Fuel Flow Meter Accuracy Checklist

Helpful advice on Fuel Flow Meter Accuracy Checks procedures to comply with Part 75 Appendix D requirements.
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What Are Fuel Flow Meter Accuracy Checks

The fuel flow meters used under the Environmental Protection Agency (EPA) 40 CFR Part 75 Appendix D reporting protocol require periodic accuracy checks to verify the quality of the flow data they are reporting.  Facilities use many different fuel flow meters, so the acceptable system calibration and accuracy verification methods vary widely. Accuracy is how close the measurement is to the true value: in flow meters, how close the meter’s output is to its calibration curve. 

The Importance of Fuel Flow Meter Accuracy Checks and QA/QC Plans

Each facility should have an established procedure for conducting these calibration checks.  It is essential to include this procedure in the Quality Assurance Quality Control (QA/QC) plan covering the Continuous Emission Monitoring System (CEM) at the facility.  

 

A QA/QC plan describes the steps and actions the facility must take to follow the conditions of the facility permit. The plan serves as a cornerstone for field audits conducted by a local air quality agency or the EPA. An auditor will use the plan and verify whether or not employees at a facility know and understand the commitments it contains.

 

Keeping the QA/QC plan up-to-date is increasingly essential. Many states now include the plan on file with the air permits. The QA/QC plans are open to the public for review and comment. Third parties can access the plan and second guess the plant’s operation.

 

Checklist for Fuel Flow Meter Accuracy Checks

This Fuel Flow Meter Accuracy checklist provides some recommendations to use during the fuel flow meter accuracy checks:   

 

  1. Typically, Part 75 requires a calibration check must be performed within four “fuel flow QA operating quarters.”  A QA operating quarter is both fuel-specific and monitor-specific.  It also means that if a specific fuel was burned for ≥ 168 hours in a calendar quarter, that calendar quarter is a QA operating quarter.  If a fuel monitoring system did not operate enough to qualify as a “QA operating quarter,” then the deadline for performing the next calibration check can be delayed until that fourth QA operating quarter is achieved.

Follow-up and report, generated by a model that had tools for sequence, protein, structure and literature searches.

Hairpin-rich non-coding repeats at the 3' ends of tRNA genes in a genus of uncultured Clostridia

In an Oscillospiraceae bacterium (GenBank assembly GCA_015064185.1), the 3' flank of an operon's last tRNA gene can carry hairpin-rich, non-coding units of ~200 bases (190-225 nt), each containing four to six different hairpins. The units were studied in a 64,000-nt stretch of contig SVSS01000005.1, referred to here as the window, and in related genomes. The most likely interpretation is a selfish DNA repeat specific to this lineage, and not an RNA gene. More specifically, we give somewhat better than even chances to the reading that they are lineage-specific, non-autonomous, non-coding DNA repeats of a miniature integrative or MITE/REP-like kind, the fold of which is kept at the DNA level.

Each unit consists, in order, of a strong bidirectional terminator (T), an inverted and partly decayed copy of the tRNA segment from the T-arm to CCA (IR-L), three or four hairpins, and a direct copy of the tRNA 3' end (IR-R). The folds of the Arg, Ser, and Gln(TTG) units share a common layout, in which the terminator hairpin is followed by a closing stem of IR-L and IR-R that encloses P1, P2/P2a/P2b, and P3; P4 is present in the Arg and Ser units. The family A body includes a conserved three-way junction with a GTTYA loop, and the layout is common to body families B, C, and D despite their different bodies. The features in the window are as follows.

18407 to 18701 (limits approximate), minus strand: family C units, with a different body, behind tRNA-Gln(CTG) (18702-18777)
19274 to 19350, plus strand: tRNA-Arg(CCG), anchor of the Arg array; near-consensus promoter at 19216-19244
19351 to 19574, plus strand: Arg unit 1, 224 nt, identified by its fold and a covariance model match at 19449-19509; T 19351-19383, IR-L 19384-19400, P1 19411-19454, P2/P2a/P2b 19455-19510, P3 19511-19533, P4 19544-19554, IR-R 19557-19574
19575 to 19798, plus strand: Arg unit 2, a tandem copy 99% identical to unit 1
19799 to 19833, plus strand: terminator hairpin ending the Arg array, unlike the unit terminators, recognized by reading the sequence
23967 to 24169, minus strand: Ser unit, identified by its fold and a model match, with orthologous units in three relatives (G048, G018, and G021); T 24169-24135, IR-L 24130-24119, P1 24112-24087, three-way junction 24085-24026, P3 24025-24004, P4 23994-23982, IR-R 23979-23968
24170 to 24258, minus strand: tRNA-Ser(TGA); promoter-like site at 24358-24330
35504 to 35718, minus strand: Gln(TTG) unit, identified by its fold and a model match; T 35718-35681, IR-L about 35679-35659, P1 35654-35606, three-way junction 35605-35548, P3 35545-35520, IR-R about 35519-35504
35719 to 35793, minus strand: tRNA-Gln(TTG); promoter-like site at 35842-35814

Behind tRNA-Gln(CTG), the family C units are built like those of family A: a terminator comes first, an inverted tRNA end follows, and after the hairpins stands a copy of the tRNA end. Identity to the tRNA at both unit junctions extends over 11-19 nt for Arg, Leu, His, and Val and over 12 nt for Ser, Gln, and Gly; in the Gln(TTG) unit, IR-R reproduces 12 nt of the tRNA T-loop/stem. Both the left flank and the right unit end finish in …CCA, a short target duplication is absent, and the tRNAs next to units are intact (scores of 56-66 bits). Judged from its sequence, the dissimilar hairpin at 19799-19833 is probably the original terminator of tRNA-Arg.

2. Some types of fuel flow meters can be tested or checked for their accuracy while in place. Another meter of proven accuracy is connected in series to the fuel lines to use this method, and the same fuel passes through both meters for a given period.  The amount of fuel recorded by both systems is recorded and compared.  
  3. Some types of fuel flow meters can be removed and tested off-site.  After removal for service and testing, another meter can be rotated into its’ place or returned to its’ original location.  The off-site testing needs to provide documentation that the metering system tested to an accuracy of not > 2.0%.  
  4. Some systems associated with orifice, nozzle, and venturi-type fuel flowmeters that conform to AGA Report No. 3, require the owner or operator to certify the meters by calibrating the transmitters (or transducers) using NIST-traceable equipment, instead of calibrating the meters with a flowing fluid.  If the owner or operator chooses this option, they can use the StackVision Data Acquisition System wizard tool in 7.
  5. Facilities need to document the calibration method and show that the overall accuracy of the metering system is not > 2.0% accuracy.  
  6. If they use a “Fuel Flow to Load” check, owners or operators can extend the duration to perform the next accuracy test.
  7. In StackVision, you can prepare a test record for the calibration check just performed.  Simply click on Tools > QA and Certification > Fuel Systems to open the Fuel System Tab. Click the Flowmeter Accuracy or Transmitter Transducer tab.  Click on the Add icon ( + ) to launch Wizard for Creating Fuel Flowmeter Accuracy or Transmitter Transducer Tests.  For details on using this Wizard, see the StackVision User Guide related to this topic.  
  8. After the accuracy check, address these two questions and update the plan as needed.
    1. Do you need to update your fuel flow metering system calibration procedure? 
    2. Are there any lessons learned or better steps to follow that you uncovered during this round of testing? 

 

Conclusion

The accuracy and proper usage of fuel flow meters are critical to compliance with EPA’s Part 75 Appendix D requirements. It is vital to perform the testing in line with best practices specific to fuel flow meter type and include the QA/QC plan procedures. Using a Data Acquisition System like StackVision helps with this process by providing a Wizard to Create Fuel Flowmeter Accuracy or Transmitter Transducer Tests. For more information on StackVision or to get help with your QA Certification Test Data Entry for these types of tests, contact us.

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